Pass `async` function to `Iterator::map`?

async fn maximum(default: Thing, responses: Vec<Result<Response, ThingError>>) -> Result<Thing, reqwest::Error> {
  let resps : (u8, Thing) = responses.into_iter()
    .filter_map(|result| result.ok())
    .filter(|result | result.status() == StatusCode::OK)
    .map( |resp| Thing::try_parse_response(resp.bytes()))  // <<<<< resp.bytes() is `async`
    .filter_map(|result : Result<Thing, ThingError> | result.ok())
    .fold((0, default), |(num, a):(u8,Thing), b|  (num + 1, if a < b { b } else { a }));
  match resps {
    (num_responses, max) if num_responses < 2 => Err(NotEnoughResponses(num_responses, max)),
    (num_responses, max) if num_responses >= 2 => Ok(max),
    _ => panic!("How is x < 2 || x >= 2 not exhaustive?")

In the above snippet, several HTTP requests were made and this function is being used to parse the results and find the maximum Thing. This is being called from an async function already, but it's not clear to me how to pass an async function to Iterator::map.

I figured that if it's not possible to pass an async function in where Iterator is not expecting one, then the next best thing would be to try to await the response bytes prior to forming an iterator. However, given the variable number of responses, I'd have to do something pretty ugly to resolve them.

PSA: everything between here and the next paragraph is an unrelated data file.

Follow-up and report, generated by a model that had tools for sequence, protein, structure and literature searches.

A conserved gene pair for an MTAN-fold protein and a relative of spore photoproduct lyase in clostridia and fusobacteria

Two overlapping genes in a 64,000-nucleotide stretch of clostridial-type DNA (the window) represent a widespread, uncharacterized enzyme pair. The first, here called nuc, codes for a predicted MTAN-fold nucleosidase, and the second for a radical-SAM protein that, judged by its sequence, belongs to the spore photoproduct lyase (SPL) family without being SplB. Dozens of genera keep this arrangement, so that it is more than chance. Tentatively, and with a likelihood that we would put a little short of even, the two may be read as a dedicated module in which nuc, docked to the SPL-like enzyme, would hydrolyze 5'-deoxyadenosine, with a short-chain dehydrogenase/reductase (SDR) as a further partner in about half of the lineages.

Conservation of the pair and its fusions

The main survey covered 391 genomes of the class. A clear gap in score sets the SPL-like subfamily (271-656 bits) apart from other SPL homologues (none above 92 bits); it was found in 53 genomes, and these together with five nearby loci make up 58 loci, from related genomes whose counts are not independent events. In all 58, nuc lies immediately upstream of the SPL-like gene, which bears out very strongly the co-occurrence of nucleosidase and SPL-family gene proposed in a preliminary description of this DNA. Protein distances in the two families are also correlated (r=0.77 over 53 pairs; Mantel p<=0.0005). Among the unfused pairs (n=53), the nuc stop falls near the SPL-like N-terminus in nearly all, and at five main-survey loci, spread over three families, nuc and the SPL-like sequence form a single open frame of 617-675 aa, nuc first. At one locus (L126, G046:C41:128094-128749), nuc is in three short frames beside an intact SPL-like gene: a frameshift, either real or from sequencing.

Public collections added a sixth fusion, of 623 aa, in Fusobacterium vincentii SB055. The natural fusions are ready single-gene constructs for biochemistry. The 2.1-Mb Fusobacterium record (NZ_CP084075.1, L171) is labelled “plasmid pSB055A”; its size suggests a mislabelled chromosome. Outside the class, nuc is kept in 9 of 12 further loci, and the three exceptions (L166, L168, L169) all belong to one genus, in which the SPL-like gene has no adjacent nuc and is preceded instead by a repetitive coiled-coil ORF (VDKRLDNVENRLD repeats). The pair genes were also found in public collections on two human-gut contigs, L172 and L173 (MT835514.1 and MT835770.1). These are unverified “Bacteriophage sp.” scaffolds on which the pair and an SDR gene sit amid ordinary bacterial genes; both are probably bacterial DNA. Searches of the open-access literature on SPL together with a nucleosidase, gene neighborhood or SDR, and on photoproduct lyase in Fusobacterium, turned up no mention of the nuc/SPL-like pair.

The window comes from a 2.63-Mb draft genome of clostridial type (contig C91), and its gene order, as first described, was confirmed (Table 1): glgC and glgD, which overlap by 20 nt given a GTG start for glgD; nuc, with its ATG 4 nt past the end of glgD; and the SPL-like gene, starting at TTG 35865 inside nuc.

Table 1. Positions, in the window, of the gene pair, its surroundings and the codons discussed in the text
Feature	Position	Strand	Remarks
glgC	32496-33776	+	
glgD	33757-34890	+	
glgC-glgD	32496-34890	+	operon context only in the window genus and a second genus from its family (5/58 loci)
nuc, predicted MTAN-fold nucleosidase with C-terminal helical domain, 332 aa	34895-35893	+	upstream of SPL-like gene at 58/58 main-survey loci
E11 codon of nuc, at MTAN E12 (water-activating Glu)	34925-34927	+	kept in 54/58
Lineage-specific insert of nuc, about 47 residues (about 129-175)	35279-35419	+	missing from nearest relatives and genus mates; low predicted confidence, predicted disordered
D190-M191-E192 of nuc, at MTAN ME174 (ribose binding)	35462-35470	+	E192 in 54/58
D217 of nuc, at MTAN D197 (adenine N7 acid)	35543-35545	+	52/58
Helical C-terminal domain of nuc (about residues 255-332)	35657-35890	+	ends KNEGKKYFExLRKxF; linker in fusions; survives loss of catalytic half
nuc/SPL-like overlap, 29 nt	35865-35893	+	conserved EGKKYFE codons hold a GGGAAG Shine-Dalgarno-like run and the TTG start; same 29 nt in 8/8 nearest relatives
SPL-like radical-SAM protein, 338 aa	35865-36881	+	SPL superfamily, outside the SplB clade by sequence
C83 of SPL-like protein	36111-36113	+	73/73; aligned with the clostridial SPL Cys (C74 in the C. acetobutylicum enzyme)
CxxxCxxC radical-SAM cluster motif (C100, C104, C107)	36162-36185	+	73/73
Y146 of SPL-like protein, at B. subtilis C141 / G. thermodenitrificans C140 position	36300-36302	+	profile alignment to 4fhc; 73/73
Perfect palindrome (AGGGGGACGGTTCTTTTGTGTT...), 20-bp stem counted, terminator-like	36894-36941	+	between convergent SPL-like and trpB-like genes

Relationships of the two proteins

let mut bodies = Vec::with_capacity(responses.len());
for i in 0..responses.len() {

And then zip the two into an iterator of (Response, Body) or something like that.

Seems my plan to resolve the bodies and zip them with the Responses will is even uglier than I thought, because Response::bytes consumes the response. So I'd have to make two parallel vectors, one with the response statuses, which I extract first because Response::status is non-consuming, and one with the response bodies, which must be constructed second since it will consume the response.

       let statuses = responses.iter().map(|result| match result.as_ref() {
            Ok(response) => response.status(),
            Err(_) => StatusCode::INTERNAL_SERVER_ERROR

        let mut bodies = Vec::with_capacity(responses.len());
        let mut riter = responses.into_iter();
        loop {
            match {
                Some(result) => match result {
                    Ok(response) => bodies.push(response.bytes().await),
                    Err(_) => bodies.push(Ok(Bytes::new()))
                None => break

        let resps: (u8, Thing) = statuses.into_iter().zip(bodies.into_iter())
             .... (rest of the method from above, but adapted to pairs)

You should be using the Stream trait instead. You can convert an iterator into a stream with iter and if you import the extension trait StreamExt, you will have various methods such as .then available on your stream. The stream .then combinator is like .map, except you return an async block in the closure.